From the outset, Dawn of the Beast sets itself up as a “cabin in the woods” horror movie. But that also includes the usual trappings, such as really bad choices early on that will cause a good amount of eye rolling. There are some good scares and tense moments peppered throughout. Even if the film struggles to make us care about any of the characters.

A couple enjoying a quiet night alone in the woods are interrupted by strange sounds and they meet their end at the hands of something. We soon start to follow a group of students as they venture into the very same woods from the beginning. The reason for their visit? Since the class is cryptozoology, they are there to study Sasquatch. As time goes on, it becomes clear that Bigfoot isn’t the only cryptid in the woods.

A majority of the characters aren’t all that likable, it’s more about how they’re written than how they are acted. The acting as a whole is serviceable even if forgettable. The only person that leaves a lasting impression is Chris Cimperman as Jake, the human puppy that has no idea whats going on. He is able to add a bit of goofy charm to the part without being over the top. Everyone else suffers from stiff and clichéd writing. Fortunately, besides the aforementioned bad choices, none of the script or acting is downright bad.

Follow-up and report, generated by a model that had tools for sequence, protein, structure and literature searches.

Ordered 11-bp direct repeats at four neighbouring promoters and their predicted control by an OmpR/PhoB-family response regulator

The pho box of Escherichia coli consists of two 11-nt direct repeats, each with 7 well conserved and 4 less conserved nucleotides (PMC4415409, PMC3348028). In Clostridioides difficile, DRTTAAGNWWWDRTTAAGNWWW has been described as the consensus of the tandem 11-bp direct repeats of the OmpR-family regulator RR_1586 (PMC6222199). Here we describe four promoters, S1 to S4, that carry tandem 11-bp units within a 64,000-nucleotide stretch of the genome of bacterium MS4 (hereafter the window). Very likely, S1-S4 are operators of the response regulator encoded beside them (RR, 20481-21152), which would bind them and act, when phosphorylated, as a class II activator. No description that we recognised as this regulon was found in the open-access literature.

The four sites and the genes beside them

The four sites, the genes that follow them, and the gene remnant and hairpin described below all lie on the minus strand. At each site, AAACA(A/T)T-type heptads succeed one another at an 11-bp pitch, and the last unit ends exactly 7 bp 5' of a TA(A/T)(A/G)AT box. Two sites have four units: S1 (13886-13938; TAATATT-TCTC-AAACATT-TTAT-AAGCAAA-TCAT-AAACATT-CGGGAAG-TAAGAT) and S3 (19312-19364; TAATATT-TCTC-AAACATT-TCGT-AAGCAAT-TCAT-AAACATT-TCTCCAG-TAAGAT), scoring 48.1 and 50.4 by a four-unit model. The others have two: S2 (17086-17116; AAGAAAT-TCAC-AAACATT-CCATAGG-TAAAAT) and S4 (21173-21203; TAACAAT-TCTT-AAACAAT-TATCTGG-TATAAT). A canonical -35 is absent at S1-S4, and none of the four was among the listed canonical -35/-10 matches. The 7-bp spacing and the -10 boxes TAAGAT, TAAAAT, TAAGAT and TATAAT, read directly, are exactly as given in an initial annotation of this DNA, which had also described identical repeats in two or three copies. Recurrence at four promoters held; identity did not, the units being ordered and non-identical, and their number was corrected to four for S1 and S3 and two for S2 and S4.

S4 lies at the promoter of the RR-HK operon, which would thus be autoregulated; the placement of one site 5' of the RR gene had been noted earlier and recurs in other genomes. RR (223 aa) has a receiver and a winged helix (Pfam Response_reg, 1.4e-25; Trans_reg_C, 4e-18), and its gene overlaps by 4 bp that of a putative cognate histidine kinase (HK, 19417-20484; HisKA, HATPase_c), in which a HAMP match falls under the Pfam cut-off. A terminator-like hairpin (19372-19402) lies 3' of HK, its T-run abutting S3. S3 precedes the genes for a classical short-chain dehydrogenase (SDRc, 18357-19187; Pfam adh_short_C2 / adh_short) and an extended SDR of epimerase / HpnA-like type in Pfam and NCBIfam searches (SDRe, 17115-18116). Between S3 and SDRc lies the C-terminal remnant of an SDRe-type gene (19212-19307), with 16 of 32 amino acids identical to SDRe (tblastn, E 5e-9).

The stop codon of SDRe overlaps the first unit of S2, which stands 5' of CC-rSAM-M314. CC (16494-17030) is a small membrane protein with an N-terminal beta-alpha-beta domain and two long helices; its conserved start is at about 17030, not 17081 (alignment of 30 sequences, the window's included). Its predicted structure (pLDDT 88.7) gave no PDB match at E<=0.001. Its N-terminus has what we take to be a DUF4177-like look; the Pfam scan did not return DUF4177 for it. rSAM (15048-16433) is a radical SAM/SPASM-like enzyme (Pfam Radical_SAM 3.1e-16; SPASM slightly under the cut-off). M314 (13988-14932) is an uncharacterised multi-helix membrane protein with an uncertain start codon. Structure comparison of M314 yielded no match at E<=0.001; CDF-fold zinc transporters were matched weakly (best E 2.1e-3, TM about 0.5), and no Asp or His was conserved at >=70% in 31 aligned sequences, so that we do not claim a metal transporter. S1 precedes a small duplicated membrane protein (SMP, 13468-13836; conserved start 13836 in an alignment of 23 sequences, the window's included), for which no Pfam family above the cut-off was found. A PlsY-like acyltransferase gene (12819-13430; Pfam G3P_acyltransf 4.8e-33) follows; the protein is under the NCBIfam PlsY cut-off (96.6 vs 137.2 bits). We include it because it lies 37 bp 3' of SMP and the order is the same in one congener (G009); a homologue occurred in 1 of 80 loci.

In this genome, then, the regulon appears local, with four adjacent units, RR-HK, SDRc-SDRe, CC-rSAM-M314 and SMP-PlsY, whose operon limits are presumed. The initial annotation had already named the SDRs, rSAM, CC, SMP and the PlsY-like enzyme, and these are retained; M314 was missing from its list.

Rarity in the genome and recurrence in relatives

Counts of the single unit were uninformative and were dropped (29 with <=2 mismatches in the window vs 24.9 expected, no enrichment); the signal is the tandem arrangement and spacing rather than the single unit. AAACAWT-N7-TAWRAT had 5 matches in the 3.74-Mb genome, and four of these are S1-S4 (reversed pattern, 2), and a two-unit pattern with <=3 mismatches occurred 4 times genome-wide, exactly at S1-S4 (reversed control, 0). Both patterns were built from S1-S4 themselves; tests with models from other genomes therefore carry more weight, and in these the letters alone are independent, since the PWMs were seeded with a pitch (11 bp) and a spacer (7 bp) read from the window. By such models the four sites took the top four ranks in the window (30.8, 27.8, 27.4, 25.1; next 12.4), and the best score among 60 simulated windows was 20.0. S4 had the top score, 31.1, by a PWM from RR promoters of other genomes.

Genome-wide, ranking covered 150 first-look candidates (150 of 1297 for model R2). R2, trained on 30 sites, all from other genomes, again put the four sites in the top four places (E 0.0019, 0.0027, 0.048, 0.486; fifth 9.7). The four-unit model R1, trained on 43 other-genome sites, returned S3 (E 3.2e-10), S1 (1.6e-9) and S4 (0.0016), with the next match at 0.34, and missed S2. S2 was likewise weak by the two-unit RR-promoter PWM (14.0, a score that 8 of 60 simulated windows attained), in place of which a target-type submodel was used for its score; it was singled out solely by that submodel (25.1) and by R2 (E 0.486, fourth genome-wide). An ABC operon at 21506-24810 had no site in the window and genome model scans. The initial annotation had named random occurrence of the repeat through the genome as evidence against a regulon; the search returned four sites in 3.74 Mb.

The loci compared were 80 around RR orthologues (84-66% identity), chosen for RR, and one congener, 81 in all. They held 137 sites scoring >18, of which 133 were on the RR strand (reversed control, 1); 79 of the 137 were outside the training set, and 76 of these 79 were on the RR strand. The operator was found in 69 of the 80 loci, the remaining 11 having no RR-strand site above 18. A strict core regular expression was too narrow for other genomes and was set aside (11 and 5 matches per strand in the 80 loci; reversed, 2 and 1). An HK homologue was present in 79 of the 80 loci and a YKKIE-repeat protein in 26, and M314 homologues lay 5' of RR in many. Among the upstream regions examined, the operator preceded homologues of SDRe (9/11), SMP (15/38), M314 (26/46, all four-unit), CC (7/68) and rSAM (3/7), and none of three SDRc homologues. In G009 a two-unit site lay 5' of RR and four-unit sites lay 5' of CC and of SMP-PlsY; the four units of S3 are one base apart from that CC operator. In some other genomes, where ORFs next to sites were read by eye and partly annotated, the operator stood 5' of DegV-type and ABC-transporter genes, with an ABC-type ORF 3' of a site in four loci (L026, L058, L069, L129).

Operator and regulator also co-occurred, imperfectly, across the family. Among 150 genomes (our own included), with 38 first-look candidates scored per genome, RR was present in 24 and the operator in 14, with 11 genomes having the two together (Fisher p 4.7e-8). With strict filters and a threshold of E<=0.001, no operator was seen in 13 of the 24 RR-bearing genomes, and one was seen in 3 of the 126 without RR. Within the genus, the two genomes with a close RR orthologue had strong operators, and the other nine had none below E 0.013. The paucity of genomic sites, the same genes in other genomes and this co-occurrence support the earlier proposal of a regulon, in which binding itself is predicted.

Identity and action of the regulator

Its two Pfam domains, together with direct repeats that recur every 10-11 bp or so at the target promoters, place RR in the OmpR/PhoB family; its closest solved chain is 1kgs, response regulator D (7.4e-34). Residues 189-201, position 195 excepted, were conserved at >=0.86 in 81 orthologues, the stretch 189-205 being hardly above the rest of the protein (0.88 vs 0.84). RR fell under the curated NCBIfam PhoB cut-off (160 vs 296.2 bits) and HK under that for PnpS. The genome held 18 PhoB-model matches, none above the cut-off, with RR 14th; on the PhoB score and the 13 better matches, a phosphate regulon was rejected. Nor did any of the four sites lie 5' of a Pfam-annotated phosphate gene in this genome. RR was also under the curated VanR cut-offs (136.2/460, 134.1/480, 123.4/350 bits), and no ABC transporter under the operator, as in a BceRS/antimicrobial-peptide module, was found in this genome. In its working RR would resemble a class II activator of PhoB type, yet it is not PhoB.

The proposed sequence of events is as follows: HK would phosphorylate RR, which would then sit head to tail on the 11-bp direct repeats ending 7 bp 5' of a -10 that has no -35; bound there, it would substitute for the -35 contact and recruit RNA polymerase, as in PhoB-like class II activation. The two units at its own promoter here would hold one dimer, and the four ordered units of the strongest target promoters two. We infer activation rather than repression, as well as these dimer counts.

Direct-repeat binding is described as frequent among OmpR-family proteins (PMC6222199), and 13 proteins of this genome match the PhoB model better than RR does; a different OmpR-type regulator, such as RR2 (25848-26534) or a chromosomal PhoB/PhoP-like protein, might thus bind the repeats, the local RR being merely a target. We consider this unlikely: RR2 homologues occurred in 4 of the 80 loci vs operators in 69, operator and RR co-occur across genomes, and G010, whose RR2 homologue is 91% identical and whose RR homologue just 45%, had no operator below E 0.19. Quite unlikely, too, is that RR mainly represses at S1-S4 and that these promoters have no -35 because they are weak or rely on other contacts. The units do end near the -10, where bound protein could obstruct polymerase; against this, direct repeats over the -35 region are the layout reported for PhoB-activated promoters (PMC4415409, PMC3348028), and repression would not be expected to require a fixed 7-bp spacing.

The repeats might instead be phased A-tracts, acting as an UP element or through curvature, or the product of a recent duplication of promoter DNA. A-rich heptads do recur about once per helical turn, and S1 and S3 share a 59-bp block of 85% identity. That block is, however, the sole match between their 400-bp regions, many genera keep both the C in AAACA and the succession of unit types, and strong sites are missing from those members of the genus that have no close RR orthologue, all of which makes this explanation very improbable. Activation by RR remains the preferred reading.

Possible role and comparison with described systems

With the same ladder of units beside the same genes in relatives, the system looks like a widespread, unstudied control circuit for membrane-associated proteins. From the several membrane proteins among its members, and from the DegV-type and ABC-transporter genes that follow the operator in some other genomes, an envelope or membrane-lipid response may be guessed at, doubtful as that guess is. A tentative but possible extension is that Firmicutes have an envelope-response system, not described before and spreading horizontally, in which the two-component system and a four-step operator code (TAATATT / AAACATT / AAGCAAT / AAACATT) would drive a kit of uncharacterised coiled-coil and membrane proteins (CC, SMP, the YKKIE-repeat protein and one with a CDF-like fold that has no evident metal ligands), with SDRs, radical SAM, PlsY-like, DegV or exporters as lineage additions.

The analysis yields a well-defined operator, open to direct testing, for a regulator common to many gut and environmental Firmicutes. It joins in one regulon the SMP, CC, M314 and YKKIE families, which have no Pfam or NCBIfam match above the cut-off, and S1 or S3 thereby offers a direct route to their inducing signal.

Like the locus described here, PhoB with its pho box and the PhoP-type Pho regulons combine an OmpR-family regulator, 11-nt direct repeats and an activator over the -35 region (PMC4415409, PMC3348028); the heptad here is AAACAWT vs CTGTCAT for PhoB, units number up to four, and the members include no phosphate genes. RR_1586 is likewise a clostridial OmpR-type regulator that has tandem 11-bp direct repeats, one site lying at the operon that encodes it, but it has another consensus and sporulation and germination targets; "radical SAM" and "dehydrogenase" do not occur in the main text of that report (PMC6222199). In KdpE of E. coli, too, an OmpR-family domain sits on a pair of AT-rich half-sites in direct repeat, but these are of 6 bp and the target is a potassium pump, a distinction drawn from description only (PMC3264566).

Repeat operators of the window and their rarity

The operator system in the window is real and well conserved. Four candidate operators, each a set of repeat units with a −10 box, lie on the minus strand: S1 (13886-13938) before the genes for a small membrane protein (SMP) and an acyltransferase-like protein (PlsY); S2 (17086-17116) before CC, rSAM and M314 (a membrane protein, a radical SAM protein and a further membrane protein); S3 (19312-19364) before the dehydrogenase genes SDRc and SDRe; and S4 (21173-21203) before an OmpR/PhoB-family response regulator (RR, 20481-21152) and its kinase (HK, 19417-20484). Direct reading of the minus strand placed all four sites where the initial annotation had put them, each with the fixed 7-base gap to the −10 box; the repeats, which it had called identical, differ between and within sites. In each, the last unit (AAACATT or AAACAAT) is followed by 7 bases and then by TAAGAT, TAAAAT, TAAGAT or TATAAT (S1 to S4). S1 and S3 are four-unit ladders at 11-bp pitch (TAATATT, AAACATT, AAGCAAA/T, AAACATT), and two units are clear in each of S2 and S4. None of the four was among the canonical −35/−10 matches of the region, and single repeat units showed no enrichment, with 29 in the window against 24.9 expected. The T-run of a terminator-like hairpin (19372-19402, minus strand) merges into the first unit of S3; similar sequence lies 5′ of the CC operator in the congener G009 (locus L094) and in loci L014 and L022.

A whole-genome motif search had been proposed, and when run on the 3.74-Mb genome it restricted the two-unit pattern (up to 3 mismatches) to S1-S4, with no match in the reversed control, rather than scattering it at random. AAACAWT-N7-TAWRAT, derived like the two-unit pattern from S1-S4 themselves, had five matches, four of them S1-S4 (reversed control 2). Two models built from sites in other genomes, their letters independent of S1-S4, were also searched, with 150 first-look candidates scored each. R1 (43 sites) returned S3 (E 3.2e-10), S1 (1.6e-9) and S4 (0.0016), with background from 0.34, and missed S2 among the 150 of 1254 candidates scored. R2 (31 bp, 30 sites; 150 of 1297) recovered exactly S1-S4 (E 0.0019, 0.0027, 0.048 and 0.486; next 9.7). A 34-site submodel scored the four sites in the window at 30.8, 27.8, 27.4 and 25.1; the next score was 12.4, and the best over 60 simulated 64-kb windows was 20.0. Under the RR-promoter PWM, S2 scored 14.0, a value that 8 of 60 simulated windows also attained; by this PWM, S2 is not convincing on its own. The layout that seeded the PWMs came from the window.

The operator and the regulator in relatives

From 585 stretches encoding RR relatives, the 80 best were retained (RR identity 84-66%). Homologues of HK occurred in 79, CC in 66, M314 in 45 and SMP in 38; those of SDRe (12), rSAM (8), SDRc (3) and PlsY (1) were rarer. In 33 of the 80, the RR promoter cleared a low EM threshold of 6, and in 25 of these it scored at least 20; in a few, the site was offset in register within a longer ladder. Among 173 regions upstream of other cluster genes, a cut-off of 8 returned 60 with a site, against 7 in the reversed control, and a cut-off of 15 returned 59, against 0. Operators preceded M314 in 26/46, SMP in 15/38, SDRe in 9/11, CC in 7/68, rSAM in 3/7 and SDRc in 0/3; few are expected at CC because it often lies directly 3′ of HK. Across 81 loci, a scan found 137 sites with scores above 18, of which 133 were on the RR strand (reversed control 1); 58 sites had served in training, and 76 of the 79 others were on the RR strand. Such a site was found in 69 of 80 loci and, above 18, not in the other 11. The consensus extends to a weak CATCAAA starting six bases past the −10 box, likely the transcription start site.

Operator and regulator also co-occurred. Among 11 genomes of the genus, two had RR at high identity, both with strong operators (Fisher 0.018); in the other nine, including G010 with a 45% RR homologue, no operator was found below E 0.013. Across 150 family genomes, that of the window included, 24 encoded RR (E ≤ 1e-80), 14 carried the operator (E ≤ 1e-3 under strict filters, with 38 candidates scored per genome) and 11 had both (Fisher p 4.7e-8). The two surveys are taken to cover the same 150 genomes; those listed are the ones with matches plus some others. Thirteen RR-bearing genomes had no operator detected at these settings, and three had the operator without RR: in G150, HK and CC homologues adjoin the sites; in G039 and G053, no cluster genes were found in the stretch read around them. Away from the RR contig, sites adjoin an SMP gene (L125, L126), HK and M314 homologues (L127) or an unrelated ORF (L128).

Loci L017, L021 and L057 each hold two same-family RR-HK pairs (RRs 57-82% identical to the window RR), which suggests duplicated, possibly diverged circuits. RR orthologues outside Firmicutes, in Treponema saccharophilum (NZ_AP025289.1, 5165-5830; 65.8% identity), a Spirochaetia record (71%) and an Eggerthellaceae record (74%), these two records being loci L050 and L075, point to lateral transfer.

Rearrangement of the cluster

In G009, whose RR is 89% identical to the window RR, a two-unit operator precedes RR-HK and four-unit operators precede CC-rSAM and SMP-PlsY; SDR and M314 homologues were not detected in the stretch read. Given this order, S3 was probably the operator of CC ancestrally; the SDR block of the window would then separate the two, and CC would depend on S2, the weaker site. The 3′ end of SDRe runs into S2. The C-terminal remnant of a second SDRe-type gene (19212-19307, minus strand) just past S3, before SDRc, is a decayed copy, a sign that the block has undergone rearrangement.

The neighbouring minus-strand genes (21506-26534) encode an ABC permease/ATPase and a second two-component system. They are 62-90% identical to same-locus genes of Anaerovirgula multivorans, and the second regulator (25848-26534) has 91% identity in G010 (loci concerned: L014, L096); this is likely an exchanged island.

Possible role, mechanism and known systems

Dawn of the Beast‘s stronger moments come with subtle details and scares. With faces and glowing eyes in the background. Though the usual horror fashion, these moments are accompanied with a loud audio queue. I think these would be even stronger scenes if the filmmaker didn’t try so hard to make you notice whats in the background. Of course, I am one for subtly in horror. I want to question what I think I might have seen. To the point of wanting to rewind it just to check. There are times where this movie almost gets to that point.

The sound is another area that isn’t awful but does suffer. The soundtrack is actually pretty enjoyable, and dialog is clear and even. The problem comes from the background noise and sound design. Its inconsistent at best and annoying at worst. The audio queues that go with the jump scares can end up being far louder then the rest of the film. To the point of startling my dog, who normally only cares if I leave the room or has snacks. And because of this, I have to keep my hand on the volume in order to continuously control what I could hear.

Dawn of the Beast actually surprised me. While it didn’t stray too far from the “monster in the woods with dumb people” formula, it did have some good ideas. If only it would have embraced those ideas and written stronger characters, this could have easily become a modern cult classic. But it stumbles more often than not. When all is said and done, you won’t be mad just disappointed.


5 out of 10


Dawn of the Beast
Runtime: 1 Hr. 25 Mins.
Directed By:
Written By:


About the Author: Nate Stephenson

Nate Stephenson is a northern California native. His love horror and being scared runs deep. Gaming with his pups is where you'll find him on his downtime.
By Published On: April 4, 2021Categories: Movies, Reviews0 CommentsTags: